The overarching goal of quantum information science and its enabled emerging quantum
technologies is to demonstrate capabilities beyond what is allowed by their classical counterparts. Sensing is an arena that quantum technologies can achieve advantages over classical sensing
technologies for practical applications in the near term. Quantum metrology studies the
use of nonclassical resources to enhance the performance of measurements for a variety of sensing applications.
High-precision distributed sensing using an entangled quantum network
Quantum-enhanced metrology has been an active area of research for several years now due to its many possible applications, ranging from atomic clocks to biological imaging.
Recent theoretical works proposed distributed quantum sensing (DQS) protocols that enable multiple sensors to leverage their shared entangled states to boost the performance of probing global properties of an interrogated object. Since a multitude of real-world applications rest upon a network or an array of sensors that work collectively to undertake sensing tasks, DQS significantly broadens the applicable scope of quantum metrology and opens a new route for achieving a quantum advantage with near-term quantum hardware.
Inspired by these studies, researchers at the Technical University of Denmark and the University of Copenhagen have recently carried out an experiment investigating the advantages of using an entangled quantum network to sense an averaged phase shift among multiple distributed nodes. Their paper, published in Nature Physics, introduces a series of techniques that could help to collect more precise measurements in a variety of areas.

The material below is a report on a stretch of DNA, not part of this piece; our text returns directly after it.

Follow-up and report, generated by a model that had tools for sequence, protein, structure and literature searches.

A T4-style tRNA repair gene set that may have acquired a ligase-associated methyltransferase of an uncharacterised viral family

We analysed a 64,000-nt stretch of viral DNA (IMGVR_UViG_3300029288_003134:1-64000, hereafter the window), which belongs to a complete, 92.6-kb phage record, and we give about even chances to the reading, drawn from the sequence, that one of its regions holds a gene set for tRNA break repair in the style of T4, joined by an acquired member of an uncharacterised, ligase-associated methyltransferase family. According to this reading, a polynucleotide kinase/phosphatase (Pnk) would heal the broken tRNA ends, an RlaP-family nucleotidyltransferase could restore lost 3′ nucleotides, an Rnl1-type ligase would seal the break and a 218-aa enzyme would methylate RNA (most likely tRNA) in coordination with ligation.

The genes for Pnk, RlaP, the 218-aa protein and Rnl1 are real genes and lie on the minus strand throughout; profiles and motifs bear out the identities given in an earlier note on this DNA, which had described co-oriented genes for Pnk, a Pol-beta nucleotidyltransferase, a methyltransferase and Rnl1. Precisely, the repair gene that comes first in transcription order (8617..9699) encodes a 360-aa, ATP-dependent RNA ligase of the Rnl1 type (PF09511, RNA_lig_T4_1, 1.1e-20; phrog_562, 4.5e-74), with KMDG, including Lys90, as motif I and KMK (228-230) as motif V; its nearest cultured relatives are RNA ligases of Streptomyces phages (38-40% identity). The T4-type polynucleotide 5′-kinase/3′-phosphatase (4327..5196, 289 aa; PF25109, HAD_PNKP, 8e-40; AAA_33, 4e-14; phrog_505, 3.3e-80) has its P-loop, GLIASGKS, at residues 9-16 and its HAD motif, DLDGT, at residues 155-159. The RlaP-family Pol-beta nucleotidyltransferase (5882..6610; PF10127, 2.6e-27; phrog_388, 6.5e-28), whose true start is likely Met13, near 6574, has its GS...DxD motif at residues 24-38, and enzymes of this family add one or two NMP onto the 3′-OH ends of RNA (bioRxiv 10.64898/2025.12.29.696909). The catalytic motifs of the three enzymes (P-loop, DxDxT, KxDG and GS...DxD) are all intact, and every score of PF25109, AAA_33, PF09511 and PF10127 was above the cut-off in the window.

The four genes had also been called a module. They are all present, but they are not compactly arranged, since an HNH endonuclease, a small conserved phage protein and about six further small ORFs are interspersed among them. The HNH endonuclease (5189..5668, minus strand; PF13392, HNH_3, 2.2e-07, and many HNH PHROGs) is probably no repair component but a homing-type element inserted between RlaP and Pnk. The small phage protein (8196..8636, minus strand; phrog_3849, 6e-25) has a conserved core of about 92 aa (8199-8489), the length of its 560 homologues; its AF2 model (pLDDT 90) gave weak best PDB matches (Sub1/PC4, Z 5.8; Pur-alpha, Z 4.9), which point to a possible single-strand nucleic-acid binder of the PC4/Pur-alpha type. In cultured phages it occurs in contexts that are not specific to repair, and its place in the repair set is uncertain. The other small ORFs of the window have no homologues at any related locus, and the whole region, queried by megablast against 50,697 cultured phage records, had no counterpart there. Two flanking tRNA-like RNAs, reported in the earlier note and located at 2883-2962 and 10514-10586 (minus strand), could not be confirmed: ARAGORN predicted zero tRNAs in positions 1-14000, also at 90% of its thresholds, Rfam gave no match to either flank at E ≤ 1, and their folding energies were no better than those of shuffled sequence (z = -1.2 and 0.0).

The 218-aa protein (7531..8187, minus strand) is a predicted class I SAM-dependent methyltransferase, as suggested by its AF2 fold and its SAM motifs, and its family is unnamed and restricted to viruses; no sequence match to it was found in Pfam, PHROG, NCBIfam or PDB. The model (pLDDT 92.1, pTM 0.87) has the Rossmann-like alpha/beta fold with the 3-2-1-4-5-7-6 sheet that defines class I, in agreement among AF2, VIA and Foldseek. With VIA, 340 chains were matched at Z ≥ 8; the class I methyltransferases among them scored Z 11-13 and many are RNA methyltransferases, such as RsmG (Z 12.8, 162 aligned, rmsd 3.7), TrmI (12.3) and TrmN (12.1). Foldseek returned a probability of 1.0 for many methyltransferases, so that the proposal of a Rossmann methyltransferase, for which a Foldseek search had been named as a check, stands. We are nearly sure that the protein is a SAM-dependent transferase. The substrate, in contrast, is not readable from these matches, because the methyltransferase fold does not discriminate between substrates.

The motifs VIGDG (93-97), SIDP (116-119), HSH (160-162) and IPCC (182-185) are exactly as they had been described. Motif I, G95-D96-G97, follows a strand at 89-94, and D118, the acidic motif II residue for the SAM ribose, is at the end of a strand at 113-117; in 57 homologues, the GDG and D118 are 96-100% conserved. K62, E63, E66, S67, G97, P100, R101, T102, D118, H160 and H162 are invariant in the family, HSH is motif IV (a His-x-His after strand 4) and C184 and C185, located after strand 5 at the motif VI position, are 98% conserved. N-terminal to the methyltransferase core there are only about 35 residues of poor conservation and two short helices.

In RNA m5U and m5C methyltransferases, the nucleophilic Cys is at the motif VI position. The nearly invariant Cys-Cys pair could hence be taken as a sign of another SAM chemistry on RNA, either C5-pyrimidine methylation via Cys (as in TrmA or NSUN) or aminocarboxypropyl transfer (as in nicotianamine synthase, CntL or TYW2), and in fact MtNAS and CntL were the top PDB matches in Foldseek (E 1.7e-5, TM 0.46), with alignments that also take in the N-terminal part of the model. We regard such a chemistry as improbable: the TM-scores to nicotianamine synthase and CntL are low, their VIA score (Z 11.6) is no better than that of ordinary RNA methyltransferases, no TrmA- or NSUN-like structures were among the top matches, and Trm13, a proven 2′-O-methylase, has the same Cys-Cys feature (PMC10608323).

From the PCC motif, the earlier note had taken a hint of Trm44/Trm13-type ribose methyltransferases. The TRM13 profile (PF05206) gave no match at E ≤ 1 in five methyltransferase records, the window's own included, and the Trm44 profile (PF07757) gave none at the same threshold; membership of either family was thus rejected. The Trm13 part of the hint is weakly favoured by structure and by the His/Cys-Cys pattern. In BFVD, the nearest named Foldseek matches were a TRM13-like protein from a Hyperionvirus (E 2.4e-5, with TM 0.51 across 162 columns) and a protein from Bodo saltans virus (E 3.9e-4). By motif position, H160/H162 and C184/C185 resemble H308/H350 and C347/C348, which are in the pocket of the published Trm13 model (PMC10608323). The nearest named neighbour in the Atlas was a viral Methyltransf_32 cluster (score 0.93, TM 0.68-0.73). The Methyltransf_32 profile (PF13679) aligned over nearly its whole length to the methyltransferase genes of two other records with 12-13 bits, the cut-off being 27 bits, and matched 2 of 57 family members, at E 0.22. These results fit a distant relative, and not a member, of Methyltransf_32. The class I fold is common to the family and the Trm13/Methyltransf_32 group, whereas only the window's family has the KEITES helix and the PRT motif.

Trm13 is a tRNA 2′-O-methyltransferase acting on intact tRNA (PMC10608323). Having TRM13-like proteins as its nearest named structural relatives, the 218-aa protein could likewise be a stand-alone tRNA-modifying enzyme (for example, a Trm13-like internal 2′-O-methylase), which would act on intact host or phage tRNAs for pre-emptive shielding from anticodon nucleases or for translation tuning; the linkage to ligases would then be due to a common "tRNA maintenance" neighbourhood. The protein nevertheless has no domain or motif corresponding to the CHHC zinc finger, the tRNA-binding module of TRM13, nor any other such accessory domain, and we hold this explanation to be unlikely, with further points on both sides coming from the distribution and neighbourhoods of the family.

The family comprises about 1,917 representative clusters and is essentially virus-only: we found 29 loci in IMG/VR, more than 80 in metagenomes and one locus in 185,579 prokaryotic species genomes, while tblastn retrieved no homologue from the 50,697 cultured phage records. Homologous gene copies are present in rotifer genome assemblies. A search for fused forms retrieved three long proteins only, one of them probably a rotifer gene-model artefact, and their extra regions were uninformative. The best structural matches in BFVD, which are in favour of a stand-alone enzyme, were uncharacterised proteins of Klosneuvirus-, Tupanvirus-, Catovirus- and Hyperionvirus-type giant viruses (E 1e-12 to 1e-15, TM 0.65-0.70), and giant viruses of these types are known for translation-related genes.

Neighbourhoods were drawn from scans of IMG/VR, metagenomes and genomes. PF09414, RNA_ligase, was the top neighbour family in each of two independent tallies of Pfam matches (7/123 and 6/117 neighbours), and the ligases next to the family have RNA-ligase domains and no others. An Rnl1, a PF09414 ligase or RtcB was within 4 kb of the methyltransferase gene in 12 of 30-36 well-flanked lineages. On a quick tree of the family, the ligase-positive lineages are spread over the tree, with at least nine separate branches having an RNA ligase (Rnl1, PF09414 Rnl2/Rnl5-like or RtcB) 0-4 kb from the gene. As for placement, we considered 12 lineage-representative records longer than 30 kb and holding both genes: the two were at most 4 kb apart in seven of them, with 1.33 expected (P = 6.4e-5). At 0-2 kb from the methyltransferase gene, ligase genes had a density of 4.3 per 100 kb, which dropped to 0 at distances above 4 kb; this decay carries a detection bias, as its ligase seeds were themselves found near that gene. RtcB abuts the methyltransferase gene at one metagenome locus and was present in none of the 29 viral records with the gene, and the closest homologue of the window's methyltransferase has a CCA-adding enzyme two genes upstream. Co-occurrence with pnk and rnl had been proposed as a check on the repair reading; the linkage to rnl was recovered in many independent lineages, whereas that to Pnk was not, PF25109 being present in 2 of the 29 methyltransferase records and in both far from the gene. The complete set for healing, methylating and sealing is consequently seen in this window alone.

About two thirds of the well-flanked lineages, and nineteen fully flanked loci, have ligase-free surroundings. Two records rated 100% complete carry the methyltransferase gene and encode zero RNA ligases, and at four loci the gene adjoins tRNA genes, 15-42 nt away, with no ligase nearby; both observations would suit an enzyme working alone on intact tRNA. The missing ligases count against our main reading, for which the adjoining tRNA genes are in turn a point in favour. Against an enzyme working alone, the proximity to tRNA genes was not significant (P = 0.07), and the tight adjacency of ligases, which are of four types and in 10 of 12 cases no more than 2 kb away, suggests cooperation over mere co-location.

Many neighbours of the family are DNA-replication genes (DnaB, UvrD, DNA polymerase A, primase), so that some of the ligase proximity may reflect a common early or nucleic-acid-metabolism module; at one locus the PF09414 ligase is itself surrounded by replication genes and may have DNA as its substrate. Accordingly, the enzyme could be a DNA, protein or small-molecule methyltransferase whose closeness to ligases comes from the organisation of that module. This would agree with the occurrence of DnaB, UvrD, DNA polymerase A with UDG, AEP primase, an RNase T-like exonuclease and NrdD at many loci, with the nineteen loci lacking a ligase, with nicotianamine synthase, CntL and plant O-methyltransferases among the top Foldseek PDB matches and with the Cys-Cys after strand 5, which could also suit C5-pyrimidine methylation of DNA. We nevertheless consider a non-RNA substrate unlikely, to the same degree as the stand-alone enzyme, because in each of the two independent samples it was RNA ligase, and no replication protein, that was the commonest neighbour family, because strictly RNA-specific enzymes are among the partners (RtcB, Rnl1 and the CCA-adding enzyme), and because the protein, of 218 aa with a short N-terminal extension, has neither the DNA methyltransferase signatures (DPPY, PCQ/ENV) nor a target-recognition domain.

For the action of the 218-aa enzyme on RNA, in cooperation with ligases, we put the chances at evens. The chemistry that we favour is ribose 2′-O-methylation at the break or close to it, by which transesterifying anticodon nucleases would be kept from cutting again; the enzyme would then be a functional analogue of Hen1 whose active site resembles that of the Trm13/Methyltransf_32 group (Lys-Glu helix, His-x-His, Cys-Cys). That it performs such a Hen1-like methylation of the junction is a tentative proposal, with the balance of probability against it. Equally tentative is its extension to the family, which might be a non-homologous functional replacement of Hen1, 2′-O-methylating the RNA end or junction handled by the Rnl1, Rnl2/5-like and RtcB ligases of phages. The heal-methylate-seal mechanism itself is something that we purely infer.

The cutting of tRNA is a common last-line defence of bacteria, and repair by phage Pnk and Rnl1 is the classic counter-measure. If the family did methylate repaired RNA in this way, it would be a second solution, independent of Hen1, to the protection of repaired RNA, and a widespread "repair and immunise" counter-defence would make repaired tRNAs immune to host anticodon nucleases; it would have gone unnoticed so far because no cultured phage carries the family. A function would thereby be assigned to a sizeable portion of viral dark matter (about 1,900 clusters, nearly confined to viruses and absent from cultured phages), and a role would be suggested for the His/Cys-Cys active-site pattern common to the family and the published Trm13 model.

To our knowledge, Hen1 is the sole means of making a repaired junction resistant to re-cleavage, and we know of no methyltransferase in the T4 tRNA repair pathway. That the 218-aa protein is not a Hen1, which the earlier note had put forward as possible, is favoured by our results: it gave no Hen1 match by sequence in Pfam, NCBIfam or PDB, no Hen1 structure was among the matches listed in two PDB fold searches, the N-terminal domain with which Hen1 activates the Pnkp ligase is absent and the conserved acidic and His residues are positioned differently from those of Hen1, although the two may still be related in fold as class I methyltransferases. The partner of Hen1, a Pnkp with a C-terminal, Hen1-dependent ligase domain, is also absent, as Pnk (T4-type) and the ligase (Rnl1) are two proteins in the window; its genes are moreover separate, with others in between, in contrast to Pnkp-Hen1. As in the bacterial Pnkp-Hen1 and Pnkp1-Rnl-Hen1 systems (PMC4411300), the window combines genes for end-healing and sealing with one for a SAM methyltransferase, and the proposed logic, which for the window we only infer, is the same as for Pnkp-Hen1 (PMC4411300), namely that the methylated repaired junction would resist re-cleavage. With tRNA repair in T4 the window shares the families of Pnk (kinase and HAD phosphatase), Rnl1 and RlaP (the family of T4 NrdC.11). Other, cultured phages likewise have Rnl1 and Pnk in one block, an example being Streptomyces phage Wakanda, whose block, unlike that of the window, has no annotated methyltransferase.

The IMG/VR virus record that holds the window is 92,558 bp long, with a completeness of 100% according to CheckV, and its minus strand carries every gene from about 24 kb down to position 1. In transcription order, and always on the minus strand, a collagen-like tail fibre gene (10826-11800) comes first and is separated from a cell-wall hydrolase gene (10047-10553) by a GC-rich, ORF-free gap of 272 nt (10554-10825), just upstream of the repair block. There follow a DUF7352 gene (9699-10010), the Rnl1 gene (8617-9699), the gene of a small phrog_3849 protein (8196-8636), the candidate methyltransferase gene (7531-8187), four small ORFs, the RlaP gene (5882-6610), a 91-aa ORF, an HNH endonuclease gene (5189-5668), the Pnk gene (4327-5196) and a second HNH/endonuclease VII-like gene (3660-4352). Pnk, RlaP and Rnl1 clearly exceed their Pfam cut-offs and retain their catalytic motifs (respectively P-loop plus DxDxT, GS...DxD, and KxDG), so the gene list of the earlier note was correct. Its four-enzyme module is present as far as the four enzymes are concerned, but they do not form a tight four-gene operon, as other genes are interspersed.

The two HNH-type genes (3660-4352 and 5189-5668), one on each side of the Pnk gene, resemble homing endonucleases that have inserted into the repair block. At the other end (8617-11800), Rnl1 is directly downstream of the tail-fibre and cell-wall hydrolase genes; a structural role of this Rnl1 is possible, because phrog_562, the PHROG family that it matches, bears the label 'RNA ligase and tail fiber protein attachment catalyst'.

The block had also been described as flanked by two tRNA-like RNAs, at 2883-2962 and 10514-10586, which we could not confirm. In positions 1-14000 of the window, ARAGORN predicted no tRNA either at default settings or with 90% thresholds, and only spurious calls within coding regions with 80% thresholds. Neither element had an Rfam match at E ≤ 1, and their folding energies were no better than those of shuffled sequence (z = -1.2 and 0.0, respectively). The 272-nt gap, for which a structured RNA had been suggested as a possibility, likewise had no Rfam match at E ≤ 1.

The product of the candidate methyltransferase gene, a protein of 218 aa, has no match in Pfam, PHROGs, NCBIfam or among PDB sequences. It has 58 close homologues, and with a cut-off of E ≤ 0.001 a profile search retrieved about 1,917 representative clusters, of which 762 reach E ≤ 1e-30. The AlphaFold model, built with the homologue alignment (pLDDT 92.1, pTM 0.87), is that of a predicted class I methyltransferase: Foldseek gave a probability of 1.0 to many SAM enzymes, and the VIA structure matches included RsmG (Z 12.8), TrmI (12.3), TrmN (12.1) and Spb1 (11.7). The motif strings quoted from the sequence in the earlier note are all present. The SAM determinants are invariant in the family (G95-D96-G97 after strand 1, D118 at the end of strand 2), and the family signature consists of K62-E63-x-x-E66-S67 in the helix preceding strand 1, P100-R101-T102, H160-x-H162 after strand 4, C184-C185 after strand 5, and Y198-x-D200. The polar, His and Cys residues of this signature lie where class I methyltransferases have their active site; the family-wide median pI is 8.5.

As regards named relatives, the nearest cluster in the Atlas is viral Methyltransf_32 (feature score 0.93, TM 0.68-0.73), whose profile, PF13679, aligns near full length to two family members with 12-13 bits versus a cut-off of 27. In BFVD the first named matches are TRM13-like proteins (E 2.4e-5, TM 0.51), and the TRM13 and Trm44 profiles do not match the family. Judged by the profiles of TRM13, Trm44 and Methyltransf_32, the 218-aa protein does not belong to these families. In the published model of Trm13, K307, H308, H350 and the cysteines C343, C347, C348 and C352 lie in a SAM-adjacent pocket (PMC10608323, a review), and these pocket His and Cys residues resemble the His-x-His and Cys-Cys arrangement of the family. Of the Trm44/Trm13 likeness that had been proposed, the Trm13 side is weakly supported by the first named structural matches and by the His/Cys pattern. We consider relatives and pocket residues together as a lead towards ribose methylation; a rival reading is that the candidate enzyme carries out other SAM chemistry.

“Recent studies showed that having non-classical correlations between probes addressing different samples could lead to a gain compared to having non-correlated probes,” Johannes Borregaard, the researcher who initiated the project, told Phys.org. “This inspired us to investigate whether such advantages could be demonstrated already using present technology.”
In their study, Borregaard and his colleagues focused on squeezed light and homodyne detection, which are now established sensing techniques. The overall goal of the experiment was to measure a global property of multiple spatially separated objects and investigate whether probing these objects simultaneously with entangled light led to more precise results than probing them individually. The researchers found that the use of a quantum network to probe the objects simultaneously enabled phase sensing with far higher precision than that attainable when examining probes individually.
Quntao Zhuang, an assistant professor in the Department of Electrical and Computer Engineering and the James C. Wyant College of Optical Sciences, received a 2020 Young Faculty Award from the U.S. Defense Advanced Research Projects Agency, or DARPA.
Zhuang received the award based on his research proposal, “Distributed Quantum Sensor Networks Enhanced by Quantum Error Correction.” Sensor networks are used in applications including GPS navigation, astronomy observation and biomedical imaging — and quantum sensor networks have the potential to be orders of magnitude more precise than their classical counterparts. However, quantum sensor networks are powered by entangled sensors, and the state of entanglement is so fragile and sensitive that it can collapse in the presence of even minimal interference. Zhuang’s project will focus on improving the ability of quantum sensors to perform in the face of noise and other error-causing imperfections.